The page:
Tales Of Two Koreas
South Korea has done better with economic recovery this year than the north. Earlier in the year, when covid19 first hit, it was believed that
South Korean GDP would shrink less than two percent in 2020 and there would be robust normal growth in 2021. By mid-2020 the GDP decline appeared worse. But the rest of 2020 has seen GDP growth and the total GDP loss for 2020 will be about one percent. There will be enough GDP growth in 2021 to cover the 2020 damage. For about half of 2020 the South Korean economy was in recession and a 16.6 percent drop in exports during the second quarter was disturbing because exports are crucial to economic growth and export customers were not increasing orders. China recovered faster than expected and the U.S. is finishing the year with strong GDP growth. These are the major trade partners for South Korea.
North Korean economic problems are much worse and continue to multiply with covid19 adding to the sanctions related problems. North Korea is going through the worst economic crises since the famine years of the 1990s. North Korea closed its Chinese border early in the year and it largely remains closed. North Korea has little cash and, even though China now allows sanctioned coal and weapons exports to openly leave North Korea. It is not enough. Overall Chinese trade with North Korea is down at least 80 percent for the year. That means less food and other essential items were imported. Because the government insists there are no problems, offers of aid from South Korea and the United States are turned down. China is desperate to avoid an economic collapse in North Korea because that will mean far more illegal migrants from there when the weather turns warmer. There is also the growing risk of unpredictable behavior by the North Korean leadership. South Korea is sealed off from the north by the DMZ while the 1,400-kilometer Chinese border remain porous despite increased efforts to increase security. China is connected to North Korea and cannot change that.
North Korean GDP is expected to shrink by over ten percent in 2020. What little cash available is going to food imports and not much of that is coming in. There is growing hunger in North Korea and it is visible. Chatter, video and photos still get out of the country and documents the growing lack of food. Foreign analysts estimate that at least 40 percent of North Koreans are going hungry. The government is trying to provide large scale deaths from starvation and so far, has succeeded. Periodic crackdowns are described as eliminating the illegal behavior. The illicit enterprises always return.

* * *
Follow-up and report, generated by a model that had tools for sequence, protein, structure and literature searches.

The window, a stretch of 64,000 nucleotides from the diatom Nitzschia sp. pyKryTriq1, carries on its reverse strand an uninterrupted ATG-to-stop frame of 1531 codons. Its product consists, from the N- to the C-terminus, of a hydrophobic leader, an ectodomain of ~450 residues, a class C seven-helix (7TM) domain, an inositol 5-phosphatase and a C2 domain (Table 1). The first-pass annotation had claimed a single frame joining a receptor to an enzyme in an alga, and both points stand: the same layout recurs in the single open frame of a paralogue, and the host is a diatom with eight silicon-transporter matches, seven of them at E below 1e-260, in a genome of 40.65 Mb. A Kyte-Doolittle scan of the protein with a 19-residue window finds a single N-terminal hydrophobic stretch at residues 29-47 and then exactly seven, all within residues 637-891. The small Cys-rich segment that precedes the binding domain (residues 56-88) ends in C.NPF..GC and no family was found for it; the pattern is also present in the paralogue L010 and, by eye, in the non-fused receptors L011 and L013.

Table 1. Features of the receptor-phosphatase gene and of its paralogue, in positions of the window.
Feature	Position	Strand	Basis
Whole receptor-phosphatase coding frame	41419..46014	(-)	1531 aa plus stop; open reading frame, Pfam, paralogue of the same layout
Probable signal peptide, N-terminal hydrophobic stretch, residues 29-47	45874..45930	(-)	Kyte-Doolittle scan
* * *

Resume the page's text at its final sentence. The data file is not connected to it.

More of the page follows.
Can’t Stop The Signal
In North Korea the Chinese border has become a major battleground in the government effort to control what news gets into and out of the country as well as reducing the superior Chinese and South Korean consumer goods from getting in. Despite the increased border security and police search for North Koreans selling information there are still many North Koreans selling information to foreigners in order to survive. Sanctions and the covid19 recession have caused a lot more privation than the government will admit. Chinese information brokers have been paying more for information, even though more North Koreans are risking arrest and time in labor camp so they can buy food, fuel or medicine.
Since the 1990s Western intel organizations willing to pay have been able to reliably verify details about many things in North Korea. Naturally a number of entrepreneurs in northeast China have made a business of this. Although often a sideline, it is apparently lucrative enough to survive crackdowns by China and North Korea. This “information broker network” can even take requests for specific information but it often takes a lot of time, and money, to get responses out of North Korea. This is one reason why North Korea has been cracking down on people smugglers and information brokers moving people, data and other items back and forth across the China/North Korea border. So far the North Korean crackdown has caused smuggler fees and delivery times to increase. As with the ancient Great Wall of China, it does not stop unwelcome invaders but just slows them down. Meanwhile a senior defector can provide valuable updates on loyalty and effectiveness among the senior leadership in North Korea. This sort of information is crucial at a time like this, with growing signs of popular resistance to the Kim dictatorship and declining discipline among the few percent of North Koreans who keep the Kim government going. The fact that more senior people are defecting is significant by itself. China has its own intel sources inside North Korea, which are considered superior to what South Korea and the United States have and a new senior defector provides updates on what the Chinese situation is within North Korea. China will occasionally trade info with the Americans and South Koreans. After all, what goes on in North Korea is something of a mutual problem for the U.S., South Korea, China and Japan.
December 4, 2020: In North Korea all foreign Red Cross staff and foreign diplomats left the country at the request of the government. This is a measure to reduce the risk of covid19 getting into the country.